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Bovina Bats Too Much for Star-Powered Fleischmanns

As Bovina Valley slept, a heavy dew settled the night before the contest. But for the captain, the day awakes to the clatter of duties, correspondence, and organization.


Uniforms. Gear. Water! Who’s got the buggy? Loading. Stretching. Texting. Battle formations. Doubt. Stop that! Sharp kitchen noises. Something to eat! The night before still clawing. Questions. Answers? No time to look back. Annoyance. Suppress that! Look up to see a long corridor, and at the end, a heavy curtain. The stage lights force their way through the cracks. Smile, the show awaits.


Arriving at the field, the field of vision narrows, and the clatter melts into the background. To the east, the sun rose warm into the eyes—but not yet hot. As the rays crept across the diamond, new patches of wet grass simmered, sending writhing spires of evaporation into the air, to be swirled and swaddled like some mysterious eastern fantasy. A lone figure walked into the battlefield, mesmerized by the aura of hot springs unfurling from center field—immersed in the day’s canvas like an aspiring Jackson Pollack. The captain melted to his knees and from this new vantage point, the heat waves coming off the field made the Creamery—just to the south—dance with frenetic energy. The metal roof jumping like so many heated electrons, or an old television filled with static. Strangely comforting, the figure softened. Taking his hands off the earth, he rubbed them together, and the way the fresh-cut balled together and lost its moisture and eventually became sticky pleased him. He opened his eyes. The sun still rose in the east. He smiled. The show awaited and the players began to filter in.

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Filing into Bovina’s Creamery Field was a member of baseball royalty: Alexia Jorge, a member of the USA Women’s Baseball Team, to pitch for the Mountain Athletic Club. Reminiscent of days long gone, Ms. Jorge came in as a professional. Harkening to the 1900s, when Julius Fleischmanns would pay major leaguers to play on his Mountain Athletic Club, the Dairymen were not sure what to expect—but they knew she brought the star power.


The game began auspiciously for the modern-day MAC, as they plated two runs in the top of the first on an error that sent Dairymen fixture Ben “the Gamer” Denison to the ground. Denison (4-6, Sac Fly) would recover with an RBI single in the bottom of the frame. With the help of a Luke “Burns-Eye” Burns (3-6, 2 2B, K) double and a John “Chico” Finn (4-7, 3B) single, the Dairymen plated three of their own. It would be all Dairymen from there.


Bovina sent 11 batters to the plate in the second, and 12 in the third, scoring seven in each frame and chasing the MAC starting pitcher. Leadoff hitter Dylan “Hobbes” Tucker would post an absolutely ridiculous line—reaching base in all seven of his plate appearances and scoring six runs, Hobbes finished the day 5-5 with two doubles and two walks. A tip of the cap, sir. The Dairymen offense never let up, and the home squad tallied at least one run in every inning except the fifth.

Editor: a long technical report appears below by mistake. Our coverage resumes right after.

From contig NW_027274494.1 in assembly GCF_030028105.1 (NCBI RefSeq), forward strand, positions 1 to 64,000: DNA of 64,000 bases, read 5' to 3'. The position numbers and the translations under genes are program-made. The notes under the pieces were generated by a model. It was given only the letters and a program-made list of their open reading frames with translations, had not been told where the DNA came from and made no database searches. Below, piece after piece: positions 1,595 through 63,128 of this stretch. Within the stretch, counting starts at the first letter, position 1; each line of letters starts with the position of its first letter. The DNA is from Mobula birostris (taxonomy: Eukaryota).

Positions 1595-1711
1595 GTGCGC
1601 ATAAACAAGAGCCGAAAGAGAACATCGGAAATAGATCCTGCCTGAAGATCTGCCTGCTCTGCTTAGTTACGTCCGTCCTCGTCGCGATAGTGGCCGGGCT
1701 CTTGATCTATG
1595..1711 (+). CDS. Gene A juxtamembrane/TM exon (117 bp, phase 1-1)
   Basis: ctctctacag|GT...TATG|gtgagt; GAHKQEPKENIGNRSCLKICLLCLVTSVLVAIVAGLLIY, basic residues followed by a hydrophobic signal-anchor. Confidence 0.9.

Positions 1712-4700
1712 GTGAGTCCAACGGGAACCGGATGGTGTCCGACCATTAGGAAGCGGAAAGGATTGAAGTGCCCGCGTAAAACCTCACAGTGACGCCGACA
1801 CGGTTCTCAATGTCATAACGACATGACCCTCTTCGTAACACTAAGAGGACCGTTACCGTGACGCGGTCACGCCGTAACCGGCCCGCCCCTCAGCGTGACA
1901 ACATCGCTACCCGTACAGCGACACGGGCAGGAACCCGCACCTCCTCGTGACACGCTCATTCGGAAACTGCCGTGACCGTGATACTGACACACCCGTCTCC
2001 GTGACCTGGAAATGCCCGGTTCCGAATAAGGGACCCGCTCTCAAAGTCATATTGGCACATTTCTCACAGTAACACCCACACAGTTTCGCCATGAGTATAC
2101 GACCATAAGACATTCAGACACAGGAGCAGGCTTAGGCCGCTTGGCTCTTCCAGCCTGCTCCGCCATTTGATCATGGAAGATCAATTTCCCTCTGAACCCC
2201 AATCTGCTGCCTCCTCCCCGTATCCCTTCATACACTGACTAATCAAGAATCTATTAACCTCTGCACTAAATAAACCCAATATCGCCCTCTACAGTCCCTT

The Dairymen also did it with defense—as the MAC attempted to mount a rally in the middle innings, right fielder Justin “Juice” Betterley dashed towards first base on what seemed a sure fool’s errand. Screaming “I got it” from the jump, all in the crowd prepared for the scrappy MAC to claw their way one run closer. But out of nowhere, Juice appeared! His eyes locked! His gait in perfect time! He had a chance! At last, his sinewy fingers closed around the now-dirty orb and he tumbled knees-first into the turf—and for a moment, his spectacles just hung there, suspended in midair, the sun glinting off the refracted glass. And out of the tumble, Juice took one hand from his vice grip and snatched the glasses from their pendulous state. The rally quenched, Juice calmly returned the rims to his face, unmolested. Juice also added two hits to the Bovina efforts on the day, breaking a two-game slump. Three cheers, sir.


Rounding out the Dairymen efforts were Dan “Nickname Pending” Kehrer (2-5, BB); Ben “Diesel” Cairns (2-5, BB; 1IP, 1ER); Jack “Shucks” Stanton (2-6, 2B); catcher Brenden “Rulebook” Cairns (0-6, ROE); Nick “Roughcut” Frandsen (3-6, 2B); and Gary “Burns-Eye, Sr.” (0-1).


Game notes: The final score was 27-7 in favor of the home-side Dairymen, vaulting Bovina ahead 3-2 in the season series between the two teams. The Dairymen now stand at 2-0 at their home Creamery Field. Ben “Diesel” Cairns pitched to his brother, catcher Brenden Cairns, in this ninth. “Chico” Finn continued his hot streak and now has 11 hits in his last four games. Next game is in Fleischmanns against the Westfield Wheelmen on 9/19 at 3pm.


Yours,

Nick Frandsen

Captain, Bovina Dairymen


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